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POWER & CONTROL UNIT
This is the part of Active-Cool's system that really separates it from other
peltier coolers. It combines two functions into one PCI-based module: It's
a PSU to provide power to the TEC, and it contains a controller chip which
regulates the power supplied to both the TEC and the heatsink fan. It can
also control a case fan, through its onboard Molex connector. It uses a separate
AC power connection as a power source for the Peltier unit, to avoid adding
additional load to the PC's PSU.
Unlike a typical TEC, which runs at full power all the time, the AC4G monitors
and controls the temperature of the cold plate. The danger with a conventional
TEC is that while the CPU is at idle or under low load the temperature of
the cold plate can drop to the point where condensation occurs on it, a potentially
dangerous and damaging situation. The AC4G controls the voltage being fed
to the Peltier unit, ensuring that the cold plate temp never drops below 28°C,
removing the risk of condensation.
The second major function of the control unit is to adjust the speed of the
heatsink fan. The unit starts the CPU fan at 6 volts, stepping it up to 8
or 12 volts if the coldplate plate temperature rises above a critical value.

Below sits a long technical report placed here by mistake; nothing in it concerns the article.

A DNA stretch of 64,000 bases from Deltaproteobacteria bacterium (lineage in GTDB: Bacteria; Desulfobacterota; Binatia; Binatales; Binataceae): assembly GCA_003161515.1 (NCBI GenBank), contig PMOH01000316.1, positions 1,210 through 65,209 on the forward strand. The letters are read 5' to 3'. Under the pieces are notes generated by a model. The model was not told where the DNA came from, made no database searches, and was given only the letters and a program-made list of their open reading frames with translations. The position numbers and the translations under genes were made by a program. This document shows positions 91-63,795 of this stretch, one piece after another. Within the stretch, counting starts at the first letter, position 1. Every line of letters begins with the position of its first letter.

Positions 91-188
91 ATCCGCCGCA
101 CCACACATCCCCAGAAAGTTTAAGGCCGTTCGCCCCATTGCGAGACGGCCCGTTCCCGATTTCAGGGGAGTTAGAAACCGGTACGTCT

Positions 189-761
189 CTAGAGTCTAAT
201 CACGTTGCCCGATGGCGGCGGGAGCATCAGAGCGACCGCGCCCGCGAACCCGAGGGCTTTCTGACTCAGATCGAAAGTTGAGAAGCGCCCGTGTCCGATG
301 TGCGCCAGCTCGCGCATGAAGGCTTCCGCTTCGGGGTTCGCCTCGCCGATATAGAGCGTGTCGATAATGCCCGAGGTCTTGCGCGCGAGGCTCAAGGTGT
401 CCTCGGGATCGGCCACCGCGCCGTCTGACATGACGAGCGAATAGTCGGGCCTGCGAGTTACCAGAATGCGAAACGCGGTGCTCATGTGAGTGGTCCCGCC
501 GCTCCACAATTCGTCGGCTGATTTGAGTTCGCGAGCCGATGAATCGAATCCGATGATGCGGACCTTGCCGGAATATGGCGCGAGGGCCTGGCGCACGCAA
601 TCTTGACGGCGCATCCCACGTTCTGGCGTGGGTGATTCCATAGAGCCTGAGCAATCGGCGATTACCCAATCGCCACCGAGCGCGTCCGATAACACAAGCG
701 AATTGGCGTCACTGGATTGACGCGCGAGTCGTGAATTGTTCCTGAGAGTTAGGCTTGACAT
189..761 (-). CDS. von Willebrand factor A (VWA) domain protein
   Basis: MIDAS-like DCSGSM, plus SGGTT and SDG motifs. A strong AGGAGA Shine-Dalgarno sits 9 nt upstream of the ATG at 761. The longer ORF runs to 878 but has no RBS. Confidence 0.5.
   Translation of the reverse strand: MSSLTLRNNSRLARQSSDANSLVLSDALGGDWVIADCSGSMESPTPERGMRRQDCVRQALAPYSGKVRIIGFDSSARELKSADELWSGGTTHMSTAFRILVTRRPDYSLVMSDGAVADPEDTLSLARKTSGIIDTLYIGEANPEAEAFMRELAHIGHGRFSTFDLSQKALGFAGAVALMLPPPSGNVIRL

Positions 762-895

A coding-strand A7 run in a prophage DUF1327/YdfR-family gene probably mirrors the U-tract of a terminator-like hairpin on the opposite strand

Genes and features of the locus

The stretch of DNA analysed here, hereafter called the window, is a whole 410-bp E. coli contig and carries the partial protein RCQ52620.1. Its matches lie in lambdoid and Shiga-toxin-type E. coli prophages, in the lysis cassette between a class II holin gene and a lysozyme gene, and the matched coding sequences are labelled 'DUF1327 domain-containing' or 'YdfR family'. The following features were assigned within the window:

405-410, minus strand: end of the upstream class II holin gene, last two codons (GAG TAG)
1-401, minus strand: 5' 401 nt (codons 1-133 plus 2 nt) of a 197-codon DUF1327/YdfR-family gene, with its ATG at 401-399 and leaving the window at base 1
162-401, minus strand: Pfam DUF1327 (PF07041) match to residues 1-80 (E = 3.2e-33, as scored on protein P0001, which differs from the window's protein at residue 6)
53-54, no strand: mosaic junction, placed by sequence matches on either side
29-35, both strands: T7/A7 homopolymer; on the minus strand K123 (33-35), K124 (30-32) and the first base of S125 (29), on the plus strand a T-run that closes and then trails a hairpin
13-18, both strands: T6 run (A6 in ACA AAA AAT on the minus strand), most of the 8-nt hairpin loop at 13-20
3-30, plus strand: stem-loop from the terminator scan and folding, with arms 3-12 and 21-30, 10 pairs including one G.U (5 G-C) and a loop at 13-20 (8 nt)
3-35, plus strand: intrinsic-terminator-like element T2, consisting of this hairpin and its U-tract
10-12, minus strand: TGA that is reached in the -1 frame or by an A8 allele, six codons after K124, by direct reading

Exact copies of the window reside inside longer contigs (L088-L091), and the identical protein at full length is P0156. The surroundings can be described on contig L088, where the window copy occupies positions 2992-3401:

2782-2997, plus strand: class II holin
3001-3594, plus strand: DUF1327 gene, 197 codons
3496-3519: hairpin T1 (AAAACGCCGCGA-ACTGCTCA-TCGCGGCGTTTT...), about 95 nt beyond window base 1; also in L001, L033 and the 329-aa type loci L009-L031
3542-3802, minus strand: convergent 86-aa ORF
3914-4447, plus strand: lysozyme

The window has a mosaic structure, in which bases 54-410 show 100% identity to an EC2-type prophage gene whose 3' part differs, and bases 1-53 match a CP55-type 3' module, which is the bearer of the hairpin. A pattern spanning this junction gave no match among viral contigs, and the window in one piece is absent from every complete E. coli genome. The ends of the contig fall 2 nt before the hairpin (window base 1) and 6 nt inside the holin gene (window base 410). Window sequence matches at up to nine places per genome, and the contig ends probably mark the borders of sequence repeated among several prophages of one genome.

The functions of the unit are well described by Active-Cool:
The Power and Control Unit is a PC card containing an AC/DC switching
mode power supply and a microprocessor controller. The power supply, which
receives AC input directly from the electric network (through a plug in
the bracket of the card), provides the power to the thermoelectric unit.
The power supply is controlled by the microprocessor.
The microprocessor controller receives input from the ambient temperature
sensor and the CPU temperature sensor. The microprocessor samples the temperature
more than 40 times per second, and adjusts the cooling power of the thermoelectric
unit and the speed of the CPU and case fans accordingly.
To reduce computer noise, the microprocessor normally runs the CPU and
case fans at 6 volts (¬Ĺ power, drastic reduction in noise). When the temperature
of the ambient air rises, the microprocessor operates the PC case fans at
higher power until temperature is reduced. If the CPU temperature rises,
the microprocessor initiates a carefully orchestrated reaction. First, power
is increased to the (virtually noiseless) thermoelectric unit. If this is
insufficient, then additional power can be supplied both to the thermoelectric
unit and to the CPU fan. When the thermal load is reduced, the fans can
return to quiet operation. During short bursts of processor load, the fans
are often not needed.
Active-Cool advertises that the AC4G can be installed in any PC "in
90 seconds or less". While I made no attempt to make a race out of it,
they are probably not far off. The heatsink mounts easily, you slide the power
unit into a vacant PCI slot, connect the wiring harness, plug in the AC cord
to the back, and you're done.
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